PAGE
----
There were some polite nods.
“Was he in your year?”
“Was he from your village?”
“Did you know him at all?”
“Er, no. He’s five years younger, and because of the schools in that town reorganising we were never actually at the same school at the same time. But we remembered a couple of the same teachers.”
The conversation stopped. I felt a bit like the scientist who announced about 20 years ago that he had perfected cold fusion to give us all limitless free energy. When he had actually just perfected heating up some water in a test tube. Imagine if he had also said that in an amazing coincidence his new lab assistant had turned out to be his cousin’s friend’s neighbour’s ex-husband’s brother-in-law.
“So it’s like when I met your friend Denise you did your MA with, and it turned out I went to the same school as her”, said my girlfriend. “But again we weren’t in the same year and didn’t actually know each other.”
“Not really”, I said. “You both come from London, and you met her in London. That’s not an amazing coincidence. This is – we went to school miles from London. This must be a one in a million chance.”
There was then some discussion about this implying a significant overspend in the government’s education budget, with a secondary school for every 60 people, regardless of whether they were aged 11-16 or not. I shortened the odds somewhat, but still insisted it was amazing.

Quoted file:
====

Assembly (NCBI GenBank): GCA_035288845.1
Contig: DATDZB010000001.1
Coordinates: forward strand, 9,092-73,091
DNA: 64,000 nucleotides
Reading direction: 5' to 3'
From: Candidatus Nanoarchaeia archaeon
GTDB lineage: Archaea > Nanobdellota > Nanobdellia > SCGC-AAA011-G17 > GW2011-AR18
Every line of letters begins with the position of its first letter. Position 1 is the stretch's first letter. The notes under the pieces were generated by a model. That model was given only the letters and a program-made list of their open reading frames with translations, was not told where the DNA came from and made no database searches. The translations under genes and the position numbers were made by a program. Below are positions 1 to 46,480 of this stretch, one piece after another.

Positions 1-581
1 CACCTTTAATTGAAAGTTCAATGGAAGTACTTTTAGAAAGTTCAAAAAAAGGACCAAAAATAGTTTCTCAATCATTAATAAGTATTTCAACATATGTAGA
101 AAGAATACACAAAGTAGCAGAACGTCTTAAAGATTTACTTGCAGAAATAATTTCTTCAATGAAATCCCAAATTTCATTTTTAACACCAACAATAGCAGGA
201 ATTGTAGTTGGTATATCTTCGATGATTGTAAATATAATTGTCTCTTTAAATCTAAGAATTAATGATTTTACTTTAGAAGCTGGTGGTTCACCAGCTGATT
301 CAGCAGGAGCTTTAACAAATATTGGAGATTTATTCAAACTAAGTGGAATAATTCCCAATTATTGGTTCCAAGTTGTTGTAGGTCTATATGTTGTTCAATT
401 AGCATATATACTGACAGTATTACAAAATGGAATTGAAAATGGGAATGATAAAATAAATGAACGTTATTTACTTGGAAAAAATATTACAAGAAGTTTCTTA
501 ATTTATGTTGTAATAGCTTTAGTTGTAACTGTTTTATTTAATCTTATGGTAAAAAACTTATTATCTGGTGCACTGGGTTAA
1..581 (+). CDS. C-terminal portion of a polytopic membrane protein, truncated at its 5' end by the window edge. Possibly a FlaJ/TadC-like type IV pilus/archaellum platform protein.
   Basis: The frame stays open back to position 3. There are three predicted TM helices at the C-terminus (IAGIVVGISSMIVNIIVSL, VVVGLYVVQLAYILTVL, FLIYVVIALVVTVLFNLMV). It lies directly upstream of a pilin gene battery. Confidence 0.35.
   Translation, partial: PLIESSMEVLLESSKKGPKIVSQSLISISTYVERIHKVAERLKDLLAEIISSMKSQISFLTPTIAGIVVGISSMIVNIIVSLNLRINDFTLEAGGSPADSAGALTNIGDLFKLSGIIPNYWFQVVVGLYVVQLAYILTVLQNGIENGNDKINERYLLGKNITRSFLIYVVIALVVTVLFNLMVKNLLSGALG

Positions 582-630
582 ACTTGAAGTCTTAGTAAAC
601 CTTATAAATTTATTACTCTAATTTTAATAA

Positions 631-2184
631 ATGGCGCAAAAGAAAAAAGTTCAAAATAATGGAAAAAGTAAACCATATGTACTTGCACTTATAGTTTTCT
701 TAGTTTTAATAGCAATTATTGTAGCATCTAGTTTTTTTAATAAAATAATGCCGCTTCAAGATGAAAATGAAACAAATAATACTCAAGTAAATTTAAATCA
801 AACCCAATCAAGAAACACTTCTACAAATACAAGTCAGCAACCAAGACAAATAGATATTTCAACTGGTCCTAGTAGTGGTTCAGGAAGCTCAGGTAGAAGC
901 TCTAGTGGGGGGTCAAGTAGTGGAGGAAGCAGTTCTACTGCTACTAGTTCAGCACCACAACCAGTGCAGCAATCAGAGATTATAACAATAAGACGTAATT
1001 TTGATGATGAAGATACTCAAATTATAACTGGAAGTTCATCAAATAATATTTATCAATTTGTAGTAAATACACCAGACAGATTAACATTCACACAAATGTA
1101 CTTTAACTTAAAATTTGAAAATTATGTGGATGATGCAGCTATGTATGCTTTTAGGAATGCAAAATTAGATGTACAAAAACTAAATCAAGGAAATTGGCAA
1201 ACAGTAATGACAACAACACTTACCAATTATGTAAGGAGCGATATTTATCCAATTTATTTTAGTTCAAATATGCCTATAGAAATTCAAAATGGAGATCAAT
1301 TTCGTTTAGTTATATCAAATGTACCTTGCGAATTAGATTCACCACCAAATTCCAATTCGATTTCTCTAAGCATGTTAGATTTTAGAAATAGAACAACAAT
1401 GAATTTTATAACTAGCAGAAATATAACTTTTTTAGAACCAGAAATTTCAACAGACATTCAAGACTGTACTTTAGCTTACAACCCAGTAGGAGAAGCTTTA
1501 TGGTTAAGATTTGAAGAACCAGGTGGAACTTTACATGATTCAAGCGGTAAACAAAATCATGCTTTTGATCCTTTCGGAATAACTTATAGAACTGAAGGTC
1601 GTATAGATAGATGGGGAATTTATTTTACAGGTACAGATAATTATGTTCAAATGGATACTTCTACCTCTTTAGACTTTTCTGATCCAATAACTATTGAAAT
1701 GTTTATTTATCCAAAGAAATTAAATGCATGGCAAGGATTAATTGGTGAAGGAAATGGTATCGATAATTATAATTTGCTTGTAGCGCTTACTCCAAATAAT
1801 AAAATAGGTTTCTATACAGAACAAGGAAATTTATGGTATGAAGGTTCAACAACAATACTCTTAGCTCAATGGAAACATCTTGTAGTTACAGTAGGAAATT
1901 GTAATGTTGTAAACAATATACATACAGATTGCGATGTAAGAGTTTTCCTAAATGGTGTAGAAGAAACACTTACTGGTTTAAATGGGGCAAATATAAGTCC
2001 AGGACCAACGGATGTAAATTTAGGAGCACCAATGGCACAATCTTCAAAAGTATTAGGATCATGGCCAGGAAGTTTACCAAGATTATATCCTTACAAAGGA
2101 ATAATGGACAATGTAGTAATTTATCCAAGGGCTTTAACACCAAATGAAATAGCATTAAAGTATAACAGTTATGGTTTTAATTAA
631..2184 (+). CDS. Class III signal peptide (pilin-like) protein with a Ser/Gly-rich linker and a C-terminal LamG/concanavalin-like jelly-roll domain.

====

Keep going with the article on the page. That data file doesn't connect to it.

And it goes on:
Then one of our friends asked about all the hundreds of people whom I’ve met in the past couple of decades who didn’t go to my school, and whether I found that remarkable in any way.
I had taught them too well; my own weapons had been turned upon me. I muttered something about wanting to choose a starter, and the conversation moved on. But after that amazing coincidence I'm doing the lottery this weekend. Somebody's got to win it.
Monday, July 16, 2007
Wednesday, July 11, 2007
Tuesday, July 10, 2007
Show, don’t tell. Those three words have probably been scrawled in the margin of every script ever written at some point. It’s a simple rule, but surprisingly easy to forget. The gist of it is that instead of telling the audience something (eg that a particular character is not very nice), you should actually show this character doing something not very nice. It is agreed by everybody that this is better.
I was reminded of this yesterday, when a production company said that they wanted to “show me how much I was valued”, then proceeded to talk about how great my scripts had been on this series and how much they wanted me to work on the next series, but said that they couldn’t do anything about the contractual dispute that we were having. ie merely tell me how much I was valued.
Which is funny, because I don’t remember Cuba Gooding Jr saying “Tell me the money”.
Friday, July 06, 2007
They say that being good at pool is a sign of a misspent youth. I have just found out that I can still do three-quarters of a Rubik's Cube.
Wednesday, July 04, 2007
It was quite a good party anyway. Then the birthday girl brought a gentleman over to me and said, "This is my friend Ray. He wrote Some Mothers Do 'Ave 'Em."